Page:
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Intel Nixes Tower Deal

Computer giant announces termination of semiconductor acquisition


Intel Corporation, the computer processor giant out of Santa Clara, California, today announced that it has mutually agreed with Tower Semiconductor to terminate its previously disclosed agreement to acquire Tower due to the inability to obtain in a timely manner the regulatory approvals required under the merger agreement, dated Feb. 15, 2022.​ In accordance with the terms of the merger agreement and in connection with its termination, Intel will pay a termination fee of $353 million to Tower.


“Our foundry efforts are critical to unlocking the full potential of IDM 2.0, and we continue to drive forward on all facets of our strategy,” said Pat Gelsinger, CEO of Intel. “We are executing well on our roadmap to regain transistor performance and power performance leadership by 2025, building momentum with customers and the broader ecosystem and investing to deliver the geographically diverse and resilient manufacturing footprint the world needs. Our respect for Tower has only grown through this process, and we will continue to look for opportunities to work together in the future.”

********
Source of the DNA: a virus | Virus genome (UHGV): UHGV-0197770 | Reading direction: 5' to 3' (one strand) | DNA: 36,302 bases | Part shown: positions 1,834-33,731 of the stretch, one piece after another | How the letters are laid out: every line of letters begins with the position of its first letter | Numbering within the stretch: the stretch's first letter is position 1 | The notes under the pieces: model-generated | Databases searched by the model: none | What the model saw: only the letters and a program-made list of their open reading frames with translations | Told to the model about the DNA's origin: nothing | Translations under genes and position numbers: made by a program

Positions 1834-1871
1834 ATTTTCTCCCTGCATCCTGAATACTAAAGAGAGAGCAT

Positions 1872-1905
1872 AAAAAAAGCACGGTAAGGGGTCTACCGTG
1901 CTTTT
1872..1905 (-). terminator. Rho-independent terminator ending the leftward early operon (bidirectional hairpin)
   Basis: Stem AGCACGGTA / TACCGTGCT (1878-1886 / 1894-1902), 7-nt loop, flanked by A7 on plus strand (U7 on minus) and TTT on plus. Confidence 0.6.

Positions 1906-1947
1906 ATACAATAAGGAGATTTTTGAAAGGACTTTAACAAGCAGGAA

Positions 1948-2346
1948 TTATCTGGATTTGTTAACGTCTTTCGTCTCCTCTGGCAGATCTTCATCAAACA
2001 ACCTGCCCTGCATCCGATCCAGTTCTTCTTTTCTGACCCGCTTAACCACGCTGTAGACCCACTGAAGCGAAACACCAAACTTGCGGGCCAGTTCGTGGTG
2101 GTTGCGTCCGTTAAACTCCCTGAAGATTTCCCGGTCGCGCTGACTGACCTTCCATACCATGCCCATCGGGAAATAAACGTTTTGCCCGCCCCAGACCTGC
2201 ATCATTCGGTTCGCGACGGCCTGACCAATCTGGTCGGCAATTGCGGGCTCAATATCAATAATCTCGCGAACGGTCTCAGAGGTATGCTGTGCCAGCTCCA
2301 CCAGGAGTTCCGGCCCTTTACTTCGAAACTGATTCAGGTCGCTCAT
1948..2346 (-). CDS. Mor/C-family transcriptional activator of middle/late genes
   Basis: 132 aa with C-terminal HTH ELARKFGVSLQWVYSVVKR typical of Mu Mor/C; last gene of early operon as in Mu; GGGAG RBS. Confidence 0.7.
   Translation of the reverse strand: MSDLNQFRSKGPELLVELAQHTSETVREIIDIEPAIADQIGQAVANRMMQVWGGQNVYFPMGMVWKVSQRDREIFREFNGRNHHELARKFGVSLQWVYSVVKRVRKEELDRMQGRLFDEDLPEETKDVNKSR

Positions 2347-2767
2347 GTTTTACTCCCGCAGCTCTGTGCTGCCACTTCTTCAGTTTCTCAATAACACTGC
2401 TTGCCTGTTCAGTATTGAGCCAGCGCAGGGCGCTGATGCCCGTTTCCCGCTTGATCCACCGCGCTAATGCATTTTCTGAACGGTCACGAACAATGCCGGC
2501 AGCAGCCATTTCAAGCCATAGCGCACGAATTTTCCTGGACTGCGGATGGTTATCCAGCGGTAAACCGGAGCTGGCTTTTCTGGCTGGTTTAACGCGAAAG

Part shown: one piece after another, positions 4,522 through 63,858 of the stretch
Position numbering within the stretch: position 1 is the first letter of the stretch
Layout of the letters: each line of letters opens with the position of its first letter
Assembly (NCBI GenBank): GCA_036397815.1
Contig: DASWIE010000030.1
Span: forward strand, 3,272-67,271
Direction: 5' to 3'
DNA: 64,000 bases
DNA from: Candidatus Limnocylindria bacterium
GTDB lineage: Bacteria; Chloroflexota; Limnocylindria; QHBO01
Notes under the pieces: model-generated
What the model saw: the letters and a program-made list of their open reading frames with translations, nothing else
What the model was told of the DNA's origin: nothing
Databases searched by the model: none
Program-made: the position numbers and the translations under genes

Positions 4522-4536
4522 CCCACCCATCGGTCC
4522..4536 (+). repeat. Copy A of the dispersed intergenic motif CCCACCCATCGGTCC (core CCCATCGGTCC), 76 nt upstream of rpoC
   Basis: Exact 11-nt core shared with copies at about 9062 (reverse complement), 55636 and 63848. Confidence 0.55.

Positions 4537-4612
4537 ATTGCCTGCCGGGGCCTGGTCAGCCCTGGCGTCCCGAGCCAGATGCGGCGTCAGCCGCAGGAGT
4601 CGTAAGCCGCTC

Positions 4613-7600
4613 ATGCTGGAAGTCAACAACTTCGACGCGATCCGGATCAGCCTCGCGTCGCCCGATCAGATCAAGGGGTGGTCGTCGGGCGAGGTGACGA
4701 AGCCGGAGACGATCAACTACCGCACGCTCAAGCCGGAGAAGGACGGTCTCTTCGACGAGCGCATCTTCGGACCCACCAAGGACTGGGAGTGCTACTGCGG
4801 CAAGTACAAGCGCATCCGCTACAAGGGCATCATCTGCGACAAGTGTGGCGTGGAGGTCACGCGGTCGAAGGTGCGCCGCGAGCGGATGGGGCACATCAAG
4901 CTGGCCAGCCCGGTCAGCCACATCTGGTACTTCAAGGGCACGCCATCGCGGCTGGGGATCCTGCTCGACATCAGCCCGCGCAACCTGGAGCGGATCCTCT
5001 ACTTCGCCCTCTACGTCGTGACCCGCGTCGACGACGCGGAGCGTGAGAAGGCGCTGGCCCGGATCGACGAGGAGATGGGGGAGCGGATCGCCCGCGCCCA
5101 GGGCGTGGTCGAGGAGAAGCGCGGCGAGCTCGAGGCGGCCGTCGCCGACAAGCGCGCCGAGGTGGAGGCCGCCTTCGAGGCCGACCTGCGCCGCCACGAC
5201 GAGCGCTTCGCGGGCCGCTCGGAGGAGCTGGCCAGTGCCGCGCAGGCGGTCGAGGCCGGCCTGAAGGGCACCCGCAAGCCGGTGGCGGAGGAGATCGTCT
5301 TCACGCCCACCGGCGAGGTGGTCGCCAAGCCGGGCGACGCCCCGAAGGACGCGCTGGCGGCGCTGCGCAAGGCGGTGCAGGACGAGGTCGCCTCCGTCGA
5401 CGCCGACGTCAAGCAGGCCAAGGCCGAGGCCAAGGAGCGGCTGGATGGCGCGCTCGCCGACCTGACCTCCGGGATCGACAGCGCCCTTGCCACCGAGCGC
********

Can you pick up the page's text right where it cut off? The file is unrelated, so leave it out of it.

Stuart Pann, senior vice president and general manager of Intel Foundry Services (IFS), said, “Since its launch in 2021, Intel Foundry Services has gained traction with customers and partners, and we have made significant advancements toward our goal of becoming the second-largest global external foundry by the end of the decade. We are building a differentiated customer value proposition as the world’s first open system foundry, with the technology portfolio and manufacturing expertise that includes packaging, chiplet standards and software, going beyond traditional wafer manufacturing.”​


IFS has made significant strides over the past year as demonstrated by its more than 300% year-over-year revenue increase in the second quarter of 2023. This momentum is further illustrated by Intel’s recent agreement with Synopsys to develop a portfolio of intellectual property (IP) on Intel 3 and Intel 18A process nodes. Intel was also awarded the first phase of the U.S. Department of Defense’s Rapid Assured Microelectronics Prototypes - Commercial (RAMP-C) program, with five RAMP-C customers in design engagement on Intel 18A. In addition, Intel landed a multigeneration agreement with Arm to enable chip designers to build low-power compute system-on-chips (SoCs) on 18A, and Intel signed a strategic partnership with MediaTek to use IFS’ advanced process technologies.

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